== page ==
“I think it has everything to do with that,” said Good Shepherd Food Bank president Kristen Miale. “Hannaford has always been our biggest supporter — they have been fabulous through this — and what they’re saying is that the supply chains have been meant to deal with regular purchasing volumes and if people were just doing their regular purchasing everything would be fine.
“Instead they’ve said every shopping day [now] is like the week of Christmas all over again,” she said.
The Good Shepherd Food Bank is the state’s largest hunger relief organization, distributing food from its centers in Auburn and Hampden to more than 450 partner agencies around Maine.
Last year it distributed more than 26 million meals to families, children and seniors in need throughout the state, but that task has grown much more difficult — and costly — so far this year.
Good Shepherd typically buys about $1.5 million worth of food during an entire year, Miale said, but amid the current health and economic crisis it has spent nearly $2 million in the last two weeks alone.
“It’s been incredibly challenging,” she said. “Normally 70 percent of the food we distribute is donated food that comes primarily from retailers, but that channel is down about 50 percent and what’s been particularly challenging has been getting ‘shelf-stable’ food.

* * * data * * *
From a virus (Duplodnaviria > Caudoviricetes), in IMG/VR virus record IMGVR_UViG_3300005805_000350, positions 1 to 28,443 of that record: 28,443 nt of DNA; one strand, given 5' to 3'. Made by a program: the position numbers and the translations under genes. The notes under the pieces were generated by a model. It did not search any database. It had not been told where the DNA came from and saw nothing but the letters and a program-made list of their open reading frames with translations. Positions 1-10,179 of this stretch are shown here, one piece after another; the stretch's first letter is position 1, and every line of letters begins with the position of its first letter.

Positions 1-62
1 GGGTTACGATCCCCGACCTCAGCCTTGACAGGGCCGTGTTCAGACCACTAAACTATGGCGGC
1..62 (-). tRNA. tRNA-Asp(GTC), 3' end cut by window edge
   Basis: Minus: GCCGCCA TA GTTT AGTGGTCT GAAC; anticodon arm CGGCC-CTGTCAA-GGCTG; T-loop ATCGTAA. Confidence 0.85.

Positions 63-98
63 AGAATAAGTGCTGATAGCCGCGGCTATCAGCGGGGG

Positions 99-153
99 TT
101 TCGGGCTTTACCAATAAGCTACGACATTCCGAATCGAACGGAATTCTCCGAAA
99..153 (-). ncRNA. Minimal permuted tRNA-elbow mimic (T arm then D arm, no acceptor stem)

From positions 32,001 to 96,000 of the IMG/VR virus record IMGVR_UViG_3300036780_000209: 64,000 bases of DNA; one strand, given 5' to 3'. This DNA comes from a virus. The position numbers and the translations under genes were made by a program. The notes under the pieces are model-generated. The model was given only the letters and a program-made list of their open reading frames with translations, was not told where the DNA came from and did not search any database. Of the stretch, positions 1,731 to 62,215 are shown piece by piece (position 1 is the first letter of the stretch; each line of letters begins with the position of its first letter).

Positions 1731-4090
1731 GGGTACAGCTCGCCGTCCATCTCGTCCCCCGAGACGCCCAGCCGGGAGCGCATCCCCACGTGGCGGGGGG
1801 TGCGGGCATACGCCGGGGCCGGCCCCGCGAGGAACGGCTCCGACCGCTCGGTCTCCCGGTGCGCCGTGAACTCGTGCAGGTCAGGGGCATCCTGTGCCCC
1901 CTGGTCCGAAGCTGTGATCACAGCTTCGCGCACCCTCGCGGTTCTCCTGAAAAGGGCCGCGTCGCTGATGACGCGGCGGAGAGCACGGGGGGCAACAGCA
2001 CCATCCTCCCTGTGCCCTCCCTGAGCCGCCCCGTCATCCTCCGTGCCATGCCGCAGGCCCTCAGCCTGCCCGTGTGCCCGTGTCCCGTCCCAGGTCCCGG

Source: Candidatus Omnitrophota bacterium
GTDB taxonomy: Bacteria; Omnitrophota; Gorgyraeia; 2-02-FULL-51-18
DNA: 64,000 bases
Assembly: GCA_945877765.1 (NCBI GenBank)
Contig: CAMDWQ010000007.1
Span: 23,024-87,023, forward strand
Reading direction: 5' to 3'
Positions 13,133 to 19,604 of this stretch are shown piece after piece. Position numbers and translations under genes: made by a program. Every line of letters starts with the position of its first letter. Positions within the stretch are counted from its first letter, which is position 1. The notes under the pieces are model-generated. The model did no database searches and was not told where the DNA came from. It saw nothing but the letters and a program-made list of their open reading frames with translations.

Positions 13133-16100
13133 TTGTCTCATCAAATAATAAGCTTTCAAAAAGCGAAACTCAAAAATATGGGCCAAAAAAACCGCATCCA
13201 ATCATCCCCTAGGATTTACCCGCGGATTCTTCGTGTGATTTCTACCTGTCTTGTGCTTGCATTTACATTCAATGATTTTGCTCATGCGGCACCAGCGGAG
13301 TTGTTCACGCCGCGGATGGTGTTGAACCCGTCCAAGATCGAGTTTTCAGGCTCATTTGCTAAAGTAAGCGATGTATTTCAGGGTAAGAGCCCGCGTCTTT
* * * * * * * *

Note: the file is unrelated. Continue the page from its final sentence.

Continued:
“People want pasta, rice, cereals, spaghetti sauce, all those things that are difficult for anyone to get at the grocery store today,” she added. “Those supply chains are jammed and we are absolutely feeling the effects of that.”
Such frustration hasn’t stemmed from lack of effort.
“Mainers have been incredibly generous to the food bank these past few weeks, but now we’re finding that even though we have money we can’t even buy food,” Miale said. “We have several orders that are out — many won’t be coming in until late May and June. We had three loads canceled this week, so we estimate that we’re going to be out of shelf-stable food next week.”
Miale said part of the solution may come from manufacturers’ efforts to adapt to the current shopping binge.